Ever floats the dim Ideal
Far before the longing eyes;
Ever, as we travel onward,
Boundless the horizon flies;
Not the brimming cups of wisdom
Can the thirsty spirit slake,
And the molten gold in pouring
Will the mould in pieces break.
Voice within our inmost being,
Calling deep to answering deep,
Midst the life of weary labor
Thou shalt waken us from sleep!
All our joy is in our Future
And our motion is our rest,
Still the True reveals the Truer,
Still the good foretells the Best.
BY CAROLINE M. KIRKLAND.
To talk about the weather is the natural English and American mode of beginning an acquaintance.
This day—the one that glares upon us at our present writing—is eminently able to melt away what is called the frost of ceremony, and to induce the primmest of us to throw off all disguises that can possibly be dispensed with. It is a day to bring the most sophisticated back to first principles. The very thought of wrapping anything up in mystery, to-day, brings a thrill like the involuntary protest of the soul against cruelty. We are not even as anxious as usual to cover up our faults. We hesitate at enveloping a letter.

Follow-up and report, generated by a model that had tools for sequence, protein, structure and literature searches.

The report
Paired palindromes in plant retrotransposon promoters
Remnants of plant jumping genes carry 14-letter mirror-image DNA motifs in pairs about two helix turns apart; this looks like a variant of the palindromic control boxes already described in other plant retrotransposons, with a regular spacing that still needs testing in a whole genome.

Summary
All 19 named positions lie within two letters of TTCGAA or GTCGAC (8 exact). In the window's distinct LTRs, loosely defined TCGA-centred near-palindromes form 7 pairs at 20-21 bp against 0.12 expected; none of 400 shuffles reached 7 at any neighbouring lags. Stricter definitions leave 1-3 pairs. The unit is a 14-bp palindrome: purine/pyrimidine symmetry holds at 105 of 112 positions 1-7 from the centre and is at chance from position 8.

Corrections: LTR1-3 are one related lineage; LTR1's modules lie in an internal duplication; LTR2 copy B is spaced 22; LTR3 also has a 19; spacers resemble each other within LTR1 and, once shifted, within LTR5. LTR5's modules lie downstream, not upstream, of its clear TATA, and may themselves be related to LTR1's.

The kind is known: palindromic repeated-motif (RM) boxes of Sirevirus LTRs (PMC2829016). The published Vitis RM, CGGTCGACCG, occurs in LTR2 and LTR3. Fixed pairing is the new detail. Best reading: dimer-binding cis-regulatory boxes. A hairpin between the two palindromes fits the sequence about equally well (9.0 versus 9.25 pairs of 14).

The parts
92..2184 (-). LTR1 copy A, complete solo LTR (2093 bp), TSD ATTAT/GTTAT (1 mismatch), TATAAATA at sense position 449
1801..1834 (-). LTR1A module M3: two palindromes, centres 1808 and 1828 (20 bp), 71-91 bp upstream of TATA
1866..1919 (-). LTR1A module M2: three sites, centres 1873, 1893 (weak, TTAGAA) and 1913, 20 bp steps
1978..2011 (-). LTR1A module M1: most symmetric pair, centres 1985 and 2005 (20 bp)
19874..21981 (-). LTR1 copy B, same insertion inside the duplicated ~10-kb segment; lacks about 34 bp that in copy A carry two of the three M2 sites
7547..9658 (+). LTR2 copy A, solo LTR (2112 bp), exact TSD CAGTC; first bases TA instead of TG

The shimmer that lives and moves over yonder dry fallow, as if ten thousand million fairies were fanning themselves with midges’ wings, fatigues the eye with a notion of unnecessary exertion. Wiser seems yon glassy pool, moveless, under heavy, not melancholy, boughs. That is reflecting—keeping one pleasant thought all the time—satisfying itself with one picture for a whole morning, as we all did while the “Heart of the Andes” was laid open to our longing gaze. The pool has the advantage of us, too; for it receives into its waveless bosom the loveliness of sky and tree without emotion, while we, gazing on the wondrous transcript made by mortal man of these measureless glories, felt our souls stirred, even to pain, with a sense of the artist’s power, and of the amount of his precious life that must have gone into such a creation.
By the way, if we had energy enough to-day to wish anything, it would be to find ourselves far away amid flashing seas and wild winds, hunting icebergs, with Church for our Columbus, his banner of Excelsior streaming over us, his wondrous eye piercing the distant wreaths of spray, in search of domes and pinnacles of opal and lapis lazuli, turned, now to diamonds, now to marble, by sun and shade. One whose good fortune it was to be with the young discoverer at Niagara, came away with the feeling of having acquired a new sense, by the potent magic of genius.